9. Mr. Swamy then submitted that the findings of the Courts below regarding the title of the judgment-debtor over the disputed property and regarding the lack of right, title and interest of the third party-appellant are not sustainable as the Courts below have arrived at a perverse finding without consideration of the materials on record. The question whether the original judgment-debtor or the third party-appellant had right in the property which was sold in the execution proceeding, is essentially a question of fact and any finding on the aforesaid question is ordinarily binding on the second appellate Court. However, on the insistence of the learned counsel for the appellant, I have perused carefully the materials on record and I am afraid, the contention of the appellant is not tenable. The materials on record reveal that the disputed plot No. 951 had been recorded in the name of Sayeed Zafar Madani and other co-sharers under Ext. 4 which is the Record-of-Rights published in 1984. I am conscious that a Record-of-Rights neither creates nor extinguishes title. However, Ext. C, the order-sheet relating to the Settlement proceeding indicates that the objection of the present appellant was not accepted and there was a direction to continue the Sabak record in respect of plot No. 951. In other words, the said order of the Settlement authority indicates that even in the previous Record-of-Rights the disputed plot had been recorded in the name of Sayeed Zafar Madani and his co-sharers. In the absence of any other document of title from either side, the Record-of-Rights under Ext. 4 which apparently was a confirmation of earlier Record-of-Rights, raises presumption regarding ownership and possession in favour of the recorded persons, from whom the judgment-debtor had purchased the disputed property.

As against the aforesaid documents, the appellant has proved Ext. B which purports to be a sale deed of the year 1899. As correctly interpreted by the lower “appellate Court, the said sale deed purports to sell fifty mango trees from a mango grove and not relatable to sale of land as such. Moreover, there is. nothing on record to connect the said sale deed with the present disputed land. As such, the said document is of no assistance to the appellant.

The appellant has also relied upon decision of an Executive Magistrate in a proceeding under Section 145, Code of Criminal Procedure, wherein possession of the appellant was declared by order dated 29-9-1988. A perusal of the said order indicates that six proceedings under Section 145 of the Code of Criminal Procedure had been disposed of by a common order, wherein the appellant was the common second party member, whereas six different persons were first party members in the six different cases. The judgment-debtor, Rit Bahadur, was not a party to any of the proceedings under Section 145, Cr. P. C. and it does not appear that the present disputed property was the subject-matter of the said proceeding. On the other hand, in M. C. No. 260 of 1983 the eastern boundary of the property involved in 145, Cr. P. C. proceeding was shown to be site of Rit Bahadur. When the order was not in respect of the disputed property and not between the parties, the possession declared in the said case cannot be considered as relevant for the purpose of the present litigation. Merely because some other portions of the disputed plot No. 951 were declared to be under the possession of the present appellant, it cannot be assumed that the appellant was also in possession in respect of the present disputed property which is part of plot No. 951. Rent receipts filed on behalf of both the parties by themselves do not advance the case of either party any further. The oral evidence has been considered by both the Courts below. In such view of the matter, the contention of the appellant regarding his title is bound to fail.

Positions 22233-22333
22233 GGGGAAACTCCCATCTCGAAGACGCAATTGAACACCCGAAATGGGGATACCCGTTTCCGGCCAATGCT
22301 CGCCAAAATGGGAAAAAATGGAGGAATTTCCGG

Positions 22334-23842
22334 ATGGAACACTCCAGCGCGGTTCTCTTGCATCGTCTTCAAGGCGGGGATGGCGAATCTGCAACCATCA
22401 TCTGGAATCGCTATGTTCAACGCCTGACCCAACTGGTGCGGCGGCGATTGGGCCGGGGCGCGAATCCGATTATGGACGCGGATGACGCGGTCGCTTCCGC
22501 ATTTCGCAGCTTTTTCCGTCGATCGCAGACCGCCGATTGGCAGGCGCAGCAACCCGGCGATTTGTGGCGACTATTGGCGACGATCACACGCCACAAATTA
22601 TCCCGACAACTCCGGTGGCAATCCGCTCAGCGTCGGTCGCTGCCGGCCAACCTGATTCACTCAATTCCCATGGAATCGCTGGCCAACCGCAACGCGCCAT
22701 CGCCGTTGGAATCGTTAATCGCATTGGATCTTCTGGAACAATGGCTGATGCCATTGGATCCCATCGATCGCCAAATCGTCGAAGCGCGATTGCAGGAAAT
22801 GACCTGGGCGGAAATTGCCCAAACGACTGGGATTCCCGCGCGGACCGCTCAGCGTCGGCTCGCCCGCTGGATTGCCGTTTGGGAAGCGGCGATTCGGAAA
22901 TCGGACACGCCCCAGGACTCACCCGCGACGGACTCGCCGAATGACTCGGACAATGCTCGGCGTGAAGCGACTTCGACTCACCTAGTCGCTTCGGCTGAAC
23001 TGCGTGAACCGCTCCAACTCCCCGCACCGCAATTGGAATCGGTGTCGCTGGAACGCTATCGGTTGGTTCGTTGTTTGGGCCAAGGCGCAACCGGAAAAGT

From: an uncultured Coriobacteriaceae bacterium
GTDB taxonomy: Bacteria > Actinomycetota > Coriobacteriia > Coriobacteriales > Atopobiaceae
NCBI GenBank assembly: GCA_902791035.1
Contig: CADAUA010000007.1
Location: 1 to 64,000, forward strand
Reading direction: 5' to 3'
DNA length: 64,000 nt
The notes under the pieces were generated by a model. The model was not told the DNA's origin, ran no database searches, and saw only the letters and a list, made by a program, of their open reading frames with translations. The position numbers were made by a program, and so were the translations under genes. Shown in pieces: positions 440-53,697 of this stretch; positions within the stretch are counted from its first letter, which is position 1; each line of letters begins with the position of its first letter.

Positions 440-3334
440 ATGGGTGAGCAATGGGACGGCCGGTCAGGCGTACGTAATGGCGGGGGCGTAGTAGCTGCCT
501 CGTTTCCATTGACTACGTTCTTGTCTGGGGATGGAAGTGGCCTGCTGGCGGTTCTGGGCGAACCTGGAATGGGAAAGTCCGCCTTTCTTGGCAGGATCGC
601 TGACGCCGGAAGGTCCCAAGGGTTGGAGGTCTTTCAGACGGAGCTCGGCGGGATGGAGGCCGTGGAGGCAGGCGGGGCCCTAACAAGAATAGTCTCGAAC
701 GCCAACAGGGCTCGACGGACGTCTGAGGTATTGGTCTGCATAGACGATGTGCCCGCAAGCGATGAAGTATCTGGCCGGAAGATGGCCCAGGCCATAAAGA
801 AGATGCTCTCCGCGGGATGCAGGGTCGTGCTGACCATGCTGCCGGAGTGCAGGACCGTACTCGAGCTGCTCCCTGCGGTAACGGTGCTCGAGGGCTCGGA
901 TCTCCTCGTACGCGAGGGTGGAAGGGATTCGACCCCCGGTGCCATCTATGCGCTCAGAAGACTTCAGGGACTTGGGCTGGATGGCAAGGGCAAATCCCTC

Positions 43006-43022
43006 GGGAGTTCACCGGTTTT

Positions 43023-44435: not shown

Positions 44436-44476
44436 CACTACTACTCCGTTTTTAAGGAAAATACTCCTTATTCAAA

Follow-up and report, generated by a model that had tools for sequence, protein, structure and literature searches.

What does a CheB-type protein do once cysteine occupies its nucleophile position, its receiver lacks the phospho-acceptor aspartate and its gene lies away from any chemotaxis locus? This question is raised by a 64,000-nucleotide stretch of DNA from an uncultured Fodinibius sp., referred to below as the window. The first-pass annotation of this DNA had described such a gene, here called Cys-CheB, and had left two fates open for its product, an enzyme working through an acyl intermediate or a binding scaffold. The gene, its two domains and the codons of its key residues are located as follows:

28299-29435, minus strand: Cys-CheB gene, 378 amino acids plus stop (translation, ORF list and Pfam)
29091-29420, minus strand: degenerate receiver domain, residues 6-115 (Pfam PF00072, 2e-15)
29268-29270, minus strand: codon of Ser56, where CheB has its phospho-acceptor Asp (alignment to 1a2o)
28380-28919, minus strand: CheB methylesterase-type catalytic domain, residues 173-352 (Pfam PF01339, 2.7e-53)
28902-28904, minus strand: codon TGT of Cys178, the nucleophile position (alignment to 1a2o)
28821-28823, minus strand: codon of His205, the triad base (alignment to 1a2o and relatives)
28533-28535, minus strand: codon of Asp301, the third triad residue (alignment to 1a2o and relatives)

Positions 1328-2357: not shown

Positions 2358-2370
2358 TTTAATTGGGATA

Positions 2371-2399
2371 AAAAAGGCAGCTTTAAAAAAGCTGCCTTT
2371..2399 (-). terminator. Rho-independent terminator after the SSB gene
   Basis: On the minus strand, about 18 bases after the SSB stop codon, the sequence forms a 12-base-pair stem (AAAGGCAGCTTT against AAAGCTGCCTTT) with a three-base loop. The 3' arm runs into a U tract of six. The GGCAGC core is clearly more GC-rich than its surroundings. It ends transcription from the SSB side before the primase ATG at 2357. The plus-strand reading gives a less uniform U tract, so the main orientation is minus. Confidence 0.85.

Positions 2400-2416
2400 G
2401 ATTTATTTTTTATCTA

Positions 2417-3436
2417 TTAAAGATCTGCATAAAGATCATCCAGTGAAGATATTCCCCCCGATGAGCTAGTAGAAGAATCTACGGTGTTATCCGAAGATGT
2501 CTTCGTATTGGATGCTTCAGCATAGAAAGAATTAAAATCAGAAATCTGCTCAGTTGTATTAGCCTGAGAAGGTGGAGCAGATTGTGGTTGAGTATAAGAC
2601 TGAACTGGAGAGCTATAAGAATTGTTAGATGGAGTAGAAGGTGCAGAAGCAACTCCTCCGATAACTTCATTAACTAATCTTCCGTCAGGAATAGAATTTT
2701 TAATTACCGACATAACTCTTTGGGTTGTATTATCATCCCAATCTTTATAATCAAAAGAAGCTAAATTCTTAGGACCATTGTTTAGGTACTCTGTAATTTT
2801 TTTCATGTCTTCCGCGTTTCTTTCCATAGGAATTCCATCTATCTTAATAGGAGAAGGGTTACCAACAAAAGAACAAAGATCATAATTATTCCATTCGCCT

10. Relying upon the decision reported in AIR 1994 S’C 1292 (Ghanashyamdas v. Om Prakash), the learned counsel for the appellant submitted that since the respondent is merely an auction-purchaser, the matter should be disposed of by directing reimbursement of the sale price along with some compensation in favour of the auction-purchaser and the appellant should be allowed to remain in possession of the disputed land. In view of the findings recorded in the present case regarding the title, I am afraid, the equitable principle which was applied by the Supreme Court on the peculiar facts and circumstances of the said case cannot be made applicable;

Accordingly, there is no merit in this appeal, which is dismissed. In the circumstances, therein be no order as to costs.